I was asked by my friend and collaborator Tiffany, what is the most essential thing on the road, what are your favorite hidden spots and what about this obsession with indigo? It's not just the indigo I'm obsessed with, it's the vision that occurred to me in my years away from pursuing music on the road. For years I asked myself, what was it that was so bad about being on a big label and touring in a tour bus?
I went to work with my dad for a while and remembered how he built his business with his two hands and imagination. Everyday he woke up and loved it even though there were doubts and many trials to come. I thought about our next door neighbor, my aunt Marie, becoming the baddest wedding cake maker in the parish. I thought about aunt Doris catering weddings and cooking all the food. I was brought up by resourceful people. My mamere chased her own chickens and grabbed them by the neck with her own two hands. My papere steered his own stubborn mule with no complaints. Oh and did I mention resilience? Those two lovely people lost two kids and raised 9 others on a farm.
My goal when getting back on the road with music was to connect with my own kind and not be forced into silly circles. I wanted to connect with people with vision. Brave people who were not afraid of being themselves. Not afraid that they may look in the mirror and not recognize themselves.
The road is a scavenger hunt to find these people. Long attention spans, and focus is their gift. They can sit through a whole concert without looking at their phones and their tiny homes are filled with books and records with no tv in sight. They are a bit obsessed with finding simplicity and the things that really matter. They want to reclaim time for themselves.
This is my ever changing pot of gumbo. I started making music with an MPC 2000 and a computer, so sound design has always been my main interest in music. I grew up on Lanois and Eno and Depeche Mode and Chopin. It's all with me when I'm up there with only an acoustic guitar and my pedal board. It's fun to have an instinct up there and recall my days in a Stella Adler improvisation class and let it fly knowing you may fall on your face. Sometimes, mistakes become my new discovery.
I still love NY even though there has been a mass exodus of its creative class. This bridge in Prospect Park is one of my favorite places to be. It's quiet, it's full of nature and it's in Brooklyn. I love Brooklyn. When I was living in Williamsburg years ago, I noticed a DIY movement happening. I was making a record in my apartment, I saw coffee becoming and art form, and folks were getting fed up with their cubicles. This was the overall feeling of excitement the whole time making "So Long" we were touching everything.
Before we even mastered "So Long", Mac Premo came up with a concept that we would mass produce on our kitchen table. We made album art with banana paper from banana boxes from Bodega's all over Brooklyn. I put all these vignettes in between each song, burnt the cd's and wrapped them in twine. We had stacks of them. This is how I ended becoming friends with Sierra from Coco Rosie. They hadn't recorded a sound yet and she came to look at my apartment because I was leaving. She saw the stacks of records and was so curious. I told her I made a record and the packaging and sent her off with one. Years later I ran into her and she was so excited to see me and give me their first record. She said my little disc in the banana paper was an influence while they recorded in Paris.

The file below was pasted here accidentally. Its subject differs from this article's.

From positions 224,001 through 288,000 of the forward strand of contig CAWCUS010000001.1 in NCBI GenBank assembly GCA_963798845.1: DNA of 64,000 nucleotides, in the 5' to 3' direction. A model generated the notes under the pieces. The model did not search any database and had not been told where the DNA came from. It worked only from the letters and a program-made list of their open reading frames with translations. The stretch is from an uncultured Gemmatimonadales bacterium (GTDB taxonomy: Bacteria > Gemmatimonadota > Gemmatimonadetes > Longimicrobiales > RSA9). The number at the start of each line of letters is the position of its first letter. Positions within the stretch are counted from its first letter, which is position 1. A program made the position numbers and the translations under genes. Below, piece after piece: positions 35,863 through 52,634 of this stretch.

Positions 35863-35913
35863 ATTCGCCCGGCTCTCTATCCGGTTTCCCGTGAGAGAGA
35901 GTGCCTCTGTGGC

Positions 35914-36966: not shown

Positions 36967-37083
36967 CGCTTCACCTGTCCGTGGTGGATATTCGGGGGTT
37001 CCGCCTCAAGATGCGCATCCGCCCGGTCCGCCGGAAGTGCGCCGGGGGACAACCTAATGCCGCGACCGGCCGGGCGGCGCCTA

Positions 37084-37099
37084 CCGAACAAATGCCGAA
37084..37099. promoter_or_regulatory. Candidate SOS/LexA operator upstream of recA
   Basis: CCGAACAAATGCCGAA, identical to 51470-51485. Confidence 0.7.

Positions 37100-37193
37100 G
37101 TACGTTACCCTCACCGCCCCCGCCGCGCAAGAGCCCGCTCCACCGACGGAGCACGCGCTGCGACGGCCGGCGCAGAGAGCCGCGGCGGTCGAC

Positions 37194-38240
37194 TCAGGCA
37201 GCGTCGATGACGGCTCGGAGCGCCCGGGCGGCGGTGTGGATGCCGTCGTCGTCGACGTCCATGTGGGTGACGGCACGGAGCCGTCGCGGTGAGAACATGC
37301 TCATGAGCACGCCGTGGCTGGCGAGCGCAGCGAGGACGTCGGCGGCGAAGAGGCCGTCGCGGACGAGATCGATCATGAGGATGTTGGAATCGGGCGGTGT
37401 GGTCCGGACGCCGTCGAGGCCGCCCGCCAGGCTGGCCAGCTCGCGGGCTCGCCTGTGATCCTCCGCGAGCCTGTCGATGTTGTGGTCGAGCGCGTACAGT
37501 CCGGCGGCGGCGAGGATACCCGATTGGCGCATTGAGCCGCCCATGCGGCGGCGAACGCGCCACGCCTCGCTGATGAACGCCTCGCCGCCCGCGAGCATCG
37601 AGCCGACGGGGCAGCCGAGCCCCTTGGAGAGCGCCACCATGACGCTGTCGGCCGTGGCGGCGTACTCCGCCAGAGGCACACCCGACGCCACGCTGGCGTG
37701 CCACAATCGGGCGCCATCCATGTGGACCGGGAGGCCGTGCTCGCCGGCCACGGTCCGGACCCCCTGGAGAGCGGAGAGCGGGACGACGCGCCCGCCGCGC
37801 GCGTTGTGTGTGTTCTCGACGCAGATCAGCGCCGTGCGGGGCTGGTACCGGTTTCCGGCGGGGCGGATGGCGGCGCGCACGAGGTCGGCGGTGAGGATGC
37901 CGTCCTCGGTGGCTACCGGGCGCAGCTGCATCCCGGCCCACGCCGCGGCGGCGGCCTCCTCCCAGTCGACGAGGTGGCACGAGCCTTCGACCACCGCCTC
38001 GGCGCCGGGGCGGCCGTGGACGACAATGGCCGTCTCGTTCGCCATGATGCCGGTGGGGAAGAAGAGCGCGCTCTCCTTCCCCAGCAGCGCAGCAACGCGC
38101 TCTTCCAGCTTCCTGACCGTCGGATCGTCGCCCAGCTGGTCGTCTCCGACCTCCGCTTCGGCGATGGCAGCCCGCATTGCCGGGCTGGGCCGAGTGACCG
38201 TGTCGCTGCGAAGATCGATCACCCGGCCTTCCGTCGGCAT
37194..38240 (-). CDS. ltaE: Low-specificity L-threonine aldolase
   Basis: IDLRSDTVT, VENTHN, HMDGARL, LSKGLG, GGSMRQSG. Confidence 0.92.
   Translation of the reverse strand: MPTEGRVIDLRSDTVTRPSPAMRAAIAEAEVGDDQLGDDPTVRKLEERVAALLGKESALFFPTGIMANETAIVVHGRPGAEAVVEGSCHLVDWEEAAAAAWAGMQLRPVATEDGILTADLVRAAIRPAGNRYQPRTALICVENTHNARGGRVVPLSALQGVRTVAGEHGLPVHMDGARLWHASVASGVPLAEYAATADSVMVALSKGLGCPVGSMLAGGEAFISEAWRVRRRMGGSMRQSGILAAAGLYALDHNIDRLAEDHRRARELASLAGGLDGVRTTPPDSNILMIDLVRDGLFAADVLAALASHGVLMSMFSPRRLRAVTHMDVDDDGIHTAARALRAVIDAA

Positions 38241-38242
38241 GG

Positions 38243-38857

This is Brother Moto in Atlanta. It's a motorcycle repair facility. It's a meeting place. You become a member and you can use one of their stalls in a cafe setting to repair your own bike. Lots of bike geeks around if you have any questions. It makes for a nice community. As record shops die, those communities are dying. The internet is nice but it's not like being in the record shop in Philadelphia my friend Mary worked at. You can smell the packaging on the old records, read magazines as they spin rare records you would have never known about. We lose that sense of community when we live online or on a tour bus behind that lonely window.
This leads me to Indigo dying. Before we signed to a label, as I said, we touched everything and the process was fulfilling. Eventually I didn't have to do anything and my face was painted on a BEEFY Tee! Yeah, the one thing I told them I didn't want and there it was on a huge piece of cotton in all the wrong sizes and fit. Corners were cut over and over and eventually I didn't want to be associated with my own brand. Now that's a bad feeling no matter how many people are in the crowd at Bonnaroo.
I've always loved indigo and I learned how to dye from my friend Aaron Ruff of Digby & Iona. I didn't want a band shirt so I began collecting shirts on the road at Goodwills for dyeing. It's so fun to come home with an army bag full of stuff and see it come out of the dye bucket and change colors as the oxygen hits it.
Still using the brown paper I started with in Brooklyn though only special editions are made with the banana paper now.
The idea for getting back on the road would be very boutique and hands on with no sights set on getting discovered. An older VW Westfalia would be the perfect vehicle to sip the land in. I didn't want to just roar from town to town.
These shop rags remind me of my dad, the machinist. These rags were always around and are a symbol of work ethic for me.
This is in Appalachiacola, Florida were I stayed a few nights and ate oysters. I also learned to camp for free in this area on St. George Island. In a wooded area, I slipped behind the brush right at sunset and lit candles and no one ever saw me.
This is in California south of Big Sur. Those are all not rocks in a distance, they are Elephant Seals. I heated up some black bean soup and we ate right there with the sea gull on land that w